Gálvez portrays herself as a fighter who continues her studies despite being abused by her father and, at the age of 17, defends herself against a rapist with a soldering iron.

The incumbent president apparently thinks little of Gálvez and even sees her as a possible danger to his own offspring. He recently accused her of being a puppet of powerful men. Gálvez then accused him of sexism. President Obrador’s hostility could not affect her politically. On the contrary, they increased their public presence.

And when asked about Mexico’s fight against armed criminal gangs in an interview with the news program “Entre Todos,” she said: “You need ovaries. Not just eggs.”

In their campaigns, both candidates repeatedly emphasize the weak points of their respective opponents. Both have an engineering diploma. Neither is explicitly feminist, but both support the decriminalization of abortion. In this way, Gálvez even distances herself from her strictly conservative party. Both candidates are socially progressive and want to maintain the anti-poverty programs that are popular with the population. How they will differentiate themselves from each other in the election campaign remains to be seen.

And yet Sheinbaum could benefit from her political foster father. And he also from her. Because with Sheinbaum in office, Obrador could continue to exert his political influence in Mexico for some time. Although he claimed the opposite in March: “I will withdraw completely. I am not a chief and I do not feel irreplaceable either. I am not a strong man; I am not a messiah.”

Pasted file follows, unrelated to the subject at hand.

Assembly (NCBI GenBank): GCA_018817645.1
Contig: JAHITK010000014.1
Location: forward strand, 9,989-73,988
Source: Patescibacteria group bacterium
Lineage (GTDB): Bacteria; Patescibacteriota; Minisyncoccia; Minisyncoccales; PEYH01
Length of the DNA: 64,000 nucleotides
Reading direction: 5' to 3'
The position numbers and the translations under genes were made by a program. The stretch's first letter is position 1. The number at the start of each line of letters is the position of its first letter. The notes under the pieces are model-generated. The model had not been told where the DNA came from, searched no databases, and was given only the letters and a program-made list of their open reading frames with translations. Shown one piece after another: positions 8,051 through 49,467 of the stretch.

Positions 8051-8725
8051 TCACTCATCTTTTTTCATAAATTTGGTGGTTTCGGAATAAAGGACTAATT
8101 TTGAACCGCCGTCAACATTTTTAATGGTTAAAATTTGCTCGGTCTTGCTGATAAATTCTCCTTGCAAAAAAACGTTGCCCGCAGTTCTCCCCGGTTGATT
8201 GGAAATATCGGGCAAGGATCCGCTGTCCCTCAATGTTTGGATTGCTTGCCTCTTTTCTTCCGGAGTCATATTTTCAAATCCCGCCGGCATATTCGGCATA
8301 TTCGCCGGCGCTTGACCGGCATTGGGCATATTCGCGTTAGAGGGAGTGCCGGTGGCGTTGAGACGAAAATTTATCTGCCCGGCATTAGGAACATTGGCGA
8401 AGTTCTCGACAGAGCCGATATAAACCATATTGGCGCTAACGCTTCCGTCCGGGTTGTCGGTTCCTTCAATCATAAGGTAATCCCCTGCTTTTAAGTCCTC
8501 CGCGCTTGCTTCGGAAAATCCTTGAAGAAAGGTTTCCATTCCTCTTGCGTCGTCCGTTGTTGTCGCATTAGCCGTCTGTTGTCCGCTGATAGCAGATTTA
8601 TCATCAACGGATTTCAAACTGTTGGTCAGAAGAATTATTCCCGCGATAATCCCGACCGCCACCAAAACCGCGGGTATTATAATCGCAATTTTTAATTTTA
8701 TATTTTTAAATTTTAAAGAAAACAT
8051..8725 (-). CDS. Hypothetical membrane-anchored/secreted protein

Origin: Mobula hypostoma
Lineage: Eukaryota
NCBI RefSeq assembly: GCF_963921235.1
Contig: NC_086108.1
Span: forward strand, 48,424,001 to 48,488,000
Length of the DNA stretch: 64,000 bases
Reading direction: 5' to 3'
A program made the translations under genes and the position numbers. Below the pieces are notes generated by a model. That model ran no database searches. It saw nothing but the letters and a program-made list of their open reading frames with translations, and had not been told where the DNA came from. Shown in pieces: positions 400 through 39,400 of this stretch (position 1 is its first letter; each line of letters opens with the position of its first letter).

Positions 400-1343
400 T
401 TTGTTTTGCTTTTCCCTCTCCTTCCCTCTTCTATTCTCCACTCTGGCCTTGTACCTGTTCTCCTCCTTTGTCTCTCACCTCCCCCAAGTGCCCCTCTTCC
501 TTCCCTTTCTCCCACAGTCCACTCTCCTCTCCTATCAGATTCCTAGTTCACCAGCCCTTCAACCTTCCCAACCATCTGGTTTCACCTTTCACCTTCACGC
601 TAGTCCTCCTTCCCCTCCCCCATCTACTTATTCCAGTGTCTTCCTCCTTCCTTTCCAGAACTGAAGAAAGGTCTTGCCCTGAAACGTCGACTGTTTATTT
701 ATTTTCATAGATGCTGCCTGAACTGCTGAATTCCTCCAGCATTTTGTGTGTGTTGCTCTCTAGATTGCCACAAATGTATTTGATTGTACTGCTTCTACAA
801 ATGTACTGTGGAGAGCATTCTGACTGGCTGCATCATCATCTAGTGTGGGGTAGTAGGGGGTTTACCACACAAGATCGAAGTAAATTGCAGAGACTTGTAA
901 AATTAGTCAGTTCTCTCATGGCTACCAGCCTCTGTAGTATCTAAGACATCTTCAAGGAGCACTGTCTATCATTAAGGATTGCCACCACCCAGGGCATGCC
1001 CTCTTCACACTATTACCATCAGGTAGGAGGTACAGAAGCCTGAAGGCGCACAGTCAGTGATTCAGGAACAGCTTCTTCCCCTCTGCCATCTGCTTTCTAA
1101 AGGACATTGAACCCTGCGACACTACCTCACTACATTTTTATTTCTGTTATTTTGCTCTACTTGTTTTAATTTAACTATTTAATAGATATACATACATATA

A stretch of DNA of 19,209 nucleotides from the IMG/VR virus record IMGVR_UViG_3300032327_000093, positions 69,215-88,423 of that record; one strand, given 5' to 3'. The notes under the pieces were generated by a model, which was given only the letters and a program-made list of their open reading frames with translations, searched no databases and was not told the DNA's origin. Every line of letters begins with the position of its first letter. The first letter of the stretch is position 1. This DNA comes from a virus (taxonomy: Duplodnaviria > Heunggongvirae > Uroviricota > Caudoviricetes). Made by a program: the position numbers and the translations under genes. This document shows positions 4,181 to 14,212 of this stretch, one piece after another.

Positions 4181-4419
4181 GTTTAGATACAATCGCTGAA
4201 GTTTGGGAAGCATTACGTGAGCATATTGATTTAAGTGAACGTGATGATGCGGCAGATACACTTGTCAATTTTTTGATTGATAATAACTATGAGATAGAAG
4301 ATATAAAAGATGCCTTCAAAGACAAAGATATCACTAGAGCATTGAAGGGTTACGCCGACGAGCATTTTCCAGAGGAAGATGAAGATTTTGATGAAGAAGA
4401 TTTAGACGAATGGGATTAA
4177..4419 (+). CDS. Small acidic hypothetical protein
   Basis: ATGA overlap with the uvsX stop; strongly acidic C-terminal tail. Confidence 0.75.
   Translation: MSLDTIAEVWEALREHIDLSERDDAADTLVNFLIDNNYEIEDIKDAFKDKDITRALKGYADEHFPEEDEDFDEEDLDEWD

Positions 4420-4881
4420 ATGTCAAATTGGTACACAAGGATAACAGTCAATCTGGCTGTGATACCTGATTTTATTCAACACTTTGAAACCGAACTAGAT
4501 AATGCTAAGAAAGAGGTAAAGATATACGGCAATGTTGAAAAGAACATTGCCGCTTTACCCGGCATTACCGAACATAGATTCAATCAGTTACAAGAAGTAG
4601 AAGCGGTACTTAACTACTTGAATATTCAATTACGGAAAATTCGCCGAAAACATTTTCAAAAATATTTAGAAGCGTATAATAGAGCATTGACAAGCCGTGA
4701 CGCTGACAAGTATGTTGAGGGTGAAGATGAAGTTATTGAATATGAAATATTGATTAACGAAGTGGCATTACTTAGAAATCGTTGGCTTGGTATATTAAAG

But in a report from the Center for Strategic and International Studies, analysts come to a different conclusion. If Sheinbaum wins, “there could be changes in certain policy areas, although the basic principles of his agenda will remain intact,” write the scientists at the research institute in Washington. And if Gálvez wins, Obrador “will not quietly fade into the background.” His political legacy could prevent the opposition from reversing certain decisions, such as austerity measures.

And a female president cannot feminize traditionally male-dominated politics overnight. “We have female candidates, but the parties, resources and agendas continue to be controlled by men,” Bárbara González, a political analyst in the city of Monterrey, told The Washington Post. Activists already fear that the daily lives of Mexican women will not improve significantly even with a female president.

“They are not magical unicorns, they do not have magic wands. They will not eliminate centuries of discrimination against women overnight,” Jennifer Piscopo, professor of gender and politics at the University of London, told the newspaper.

It is uncertain which candidate will win, even if a trend is currently emerging. But it still takes a while until the vote on June 2, 2024. A lot seems possible. The only thing that is clear in Mexico at the moment is: “It’s the time of women.”

Quellen: “Washington Post”, “New York Times”, “The Guardian”, Centre for Strategic